Mar 30 Sun (NM) ☻
Apr 2 Wed BAS meeting: Grey Roots Museum 7 pm Note, the regular meeting will follow our speaker, Dr. Mary Shouldice, optometrist. Topic “Eyesight and the Aging Astronomer”. The meeting is in the Multipurpose Room so please enter from the side (West) entrance. The public is welcome to attend at no charge.
Apr 3 Thu (NM+3) Spectacular Graze of 68 Tau (mag 4.3) travel to a location near London/Chatham is required. Contact firstname.lastname@example.org if you are interested in observing this event.
Apr 5 Sat (FQ-2) BAS viewing @Fox ES Fox @dark. Special viewing for new members and beginners. Bring your own scopes, if you would like help with them and/or come to see what we have available for viewing. We will focus on the basics this (setting up, aligning finders, using charts, etc.) this evening. Please park near the Learning Centre and follow the laneway between the barn and Centre to the ES Fox building. No vehicles are allowed at the observatory while we are hosting star parties. Bring a red flashlight if you have one.
Apr 8 Tue (FQ+1) Mars reaches opposition when it rises at sunset and sets at sunrise, so is visible all night long. It is at its brightest as well, magnitude -1.5, but viewing is good for a month before and after opposition. Mars is also largest at opposition and so surface details are easier to see than at other times. The planet is 15 arc-seconds across which is about 3/5 as big as it can get and it is quite high in the sky (40°) when it crosses the meridian. In 2018, it will again be as large as it can get (24 arc-seconds but it will only be half as high in the sky (at best) as it will be in 2014.
Apr 15 Tue (FM) ☺ TOTAL LUNAR ECLIPSE best one for 2014 (see also Oct 8 for details of second lunar eclipse). Official penumbral contact at 12:53 am DST in morning on Apr 15 (Tues am), umbral contact 1:58 am DST Apr 15, total phase from 3:06 am DST to 4:24 am Apr 15. Last umbral contact at 5:33 am DST, and last penumbral contact at 6:37 am DST Apr 15. Moon rises 6:39 pm DST Apr 14, sets 6:46 am DST Apr 15. Moon is 26° high at mid eclipse. Observing will occur from ES Fox since the event occurs well up in the sky and will be visible in its entirety from the Fox Observatory. Note: Spica is less than 2° from the eclipsed Moon -a rare instance of a bright star near the Moon during an eclipse. Public welcome. Please park near the Learning Centre and follow the laneway between the barn and Centre to the ES Fox building. No vehicles are allowed at the observatory while we are hosting star parties. Bring a red flashlight if you have one.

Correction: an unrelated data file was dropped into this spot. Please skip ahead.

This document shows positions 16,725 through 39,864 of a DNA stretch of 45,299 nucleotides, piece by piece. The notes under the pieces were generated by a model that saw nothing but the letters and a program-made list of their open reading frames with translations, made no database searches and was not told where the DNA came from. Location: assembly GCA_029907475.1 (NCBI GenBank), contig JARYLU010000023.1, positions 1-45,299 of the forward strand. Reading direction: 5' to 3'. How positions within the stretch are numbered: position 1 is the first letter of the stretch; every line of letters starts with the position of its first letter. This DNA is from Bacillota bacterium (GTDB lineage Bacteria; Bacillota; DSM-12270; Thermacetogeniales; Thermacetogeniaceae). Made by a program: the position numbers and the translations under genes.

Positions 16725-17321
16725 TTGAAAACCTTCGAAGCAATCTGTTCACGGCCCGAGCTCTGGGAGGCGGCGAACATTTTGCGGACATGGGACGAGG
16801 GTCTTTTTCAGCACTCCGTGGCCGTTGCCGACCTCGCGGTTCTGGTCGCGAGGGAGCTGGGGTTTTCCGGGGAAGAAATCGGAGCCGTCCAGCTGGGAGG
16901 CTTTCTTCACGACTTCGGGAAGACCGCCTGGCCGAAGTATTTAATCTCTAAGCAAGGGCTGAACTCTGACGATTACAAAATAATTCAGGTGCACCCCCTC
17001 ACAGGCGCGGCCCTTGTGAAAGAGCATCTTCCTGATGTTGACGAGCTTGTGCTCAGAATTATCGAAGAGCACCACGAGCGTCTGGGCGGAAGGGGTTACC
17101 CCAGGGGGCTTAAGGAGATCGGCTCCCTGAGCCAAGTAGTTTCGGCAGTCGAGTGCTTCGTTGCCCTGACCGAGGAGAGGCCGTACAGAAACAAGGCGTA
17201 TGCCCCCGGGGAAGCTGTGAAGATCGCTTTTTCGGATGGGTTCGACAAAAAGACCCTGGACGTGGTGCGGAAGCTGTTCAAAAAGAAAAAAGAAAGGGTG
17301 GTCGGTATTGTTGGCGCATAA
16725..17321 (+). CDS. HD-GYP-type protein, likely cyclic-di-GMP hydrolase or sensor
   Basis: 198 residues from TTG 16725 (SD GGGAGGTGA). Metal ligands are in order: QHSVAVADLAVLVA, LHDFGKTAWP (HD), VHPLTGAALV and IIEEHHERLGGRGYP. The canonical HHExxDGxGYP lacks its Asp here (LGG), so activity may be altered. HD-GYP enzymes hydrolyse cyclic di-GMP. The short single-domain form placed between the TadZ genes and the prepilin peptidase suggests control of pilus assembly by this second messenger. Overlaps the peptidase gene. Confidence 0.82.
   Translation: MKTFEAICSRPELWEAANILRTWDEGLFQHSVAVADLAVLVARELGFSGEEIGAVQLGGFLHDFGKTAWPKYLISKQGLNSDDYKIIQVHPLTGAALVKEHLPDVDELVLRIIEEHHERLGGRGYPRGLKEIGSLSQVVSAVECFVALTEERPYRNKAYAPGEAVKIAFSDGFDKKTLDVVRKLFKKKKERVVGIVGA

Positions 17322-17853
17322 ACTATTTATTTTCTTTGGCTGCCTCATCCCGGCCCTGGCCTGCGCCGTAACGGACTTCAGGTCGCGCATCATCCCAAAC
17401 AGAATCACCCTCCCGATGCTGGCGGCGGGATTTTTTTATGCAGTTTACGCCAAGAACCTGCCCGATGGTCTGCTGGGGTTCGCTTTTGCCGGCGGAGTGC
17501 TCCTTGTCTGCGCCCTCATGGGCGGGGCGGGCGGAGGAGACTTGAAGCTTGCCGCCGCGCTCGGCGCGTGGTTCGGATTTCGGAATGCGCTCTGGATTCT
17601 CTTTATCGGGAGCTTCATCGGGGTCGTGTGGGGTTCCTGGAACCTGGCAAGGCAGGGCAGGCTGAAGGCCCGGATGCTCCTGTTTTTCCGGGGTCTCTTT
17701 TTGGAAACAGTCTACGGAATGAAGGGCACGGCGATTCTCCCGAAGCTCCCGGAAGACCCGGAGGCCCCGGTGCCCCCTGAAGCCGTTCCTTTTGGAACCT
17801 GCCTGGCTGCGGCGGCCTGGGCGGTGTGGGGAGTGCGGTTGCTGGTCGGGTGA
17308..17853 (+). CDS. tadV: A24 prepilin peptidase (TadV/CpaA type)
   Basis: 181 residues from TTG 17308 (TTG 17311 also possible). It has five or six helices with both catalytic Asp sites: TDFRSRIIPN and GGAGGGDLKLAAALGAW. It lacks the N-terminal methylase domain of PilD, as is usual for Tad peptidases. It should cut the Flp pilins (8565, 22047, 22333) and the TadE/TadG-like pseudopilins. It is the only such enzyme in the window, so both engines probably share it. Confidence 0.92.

Apr 22 Tue (LQ) Lyrid Meteors, 20/h at peak 1 pm. Some may be visible on evening Apr 22. Moon waning 46%. This is also International Earth Day but no activities other than a possible meteor watch are planned for the Fox Observatory. Dress appropriately, it gets very cool at night, and bring refreshments although we will have hot chocolate in the warm up room and a microwave is available. A lawn chair is recommended (and blankets) for comfort during the watch. Stay as long as you want. Bring a red flashlight if you have one.
Apr 26 Sat (NM-3) BAS viewing @Fox @dark, a backup viewing night if some or all of the other nights are clouded out. Notification will be provided by email to club members and those on our contact list. You can get on the list by contacting email@example.com.
Apr 29 Tue (NM) ☻ Annular Solar Eclipse (“ring” eclipse) visible in Antarctic only. This is mentioned for academic interest only since this event is difficult to observe and rather short duration even if you can get there. Partial phases will be visible from parts of Australia.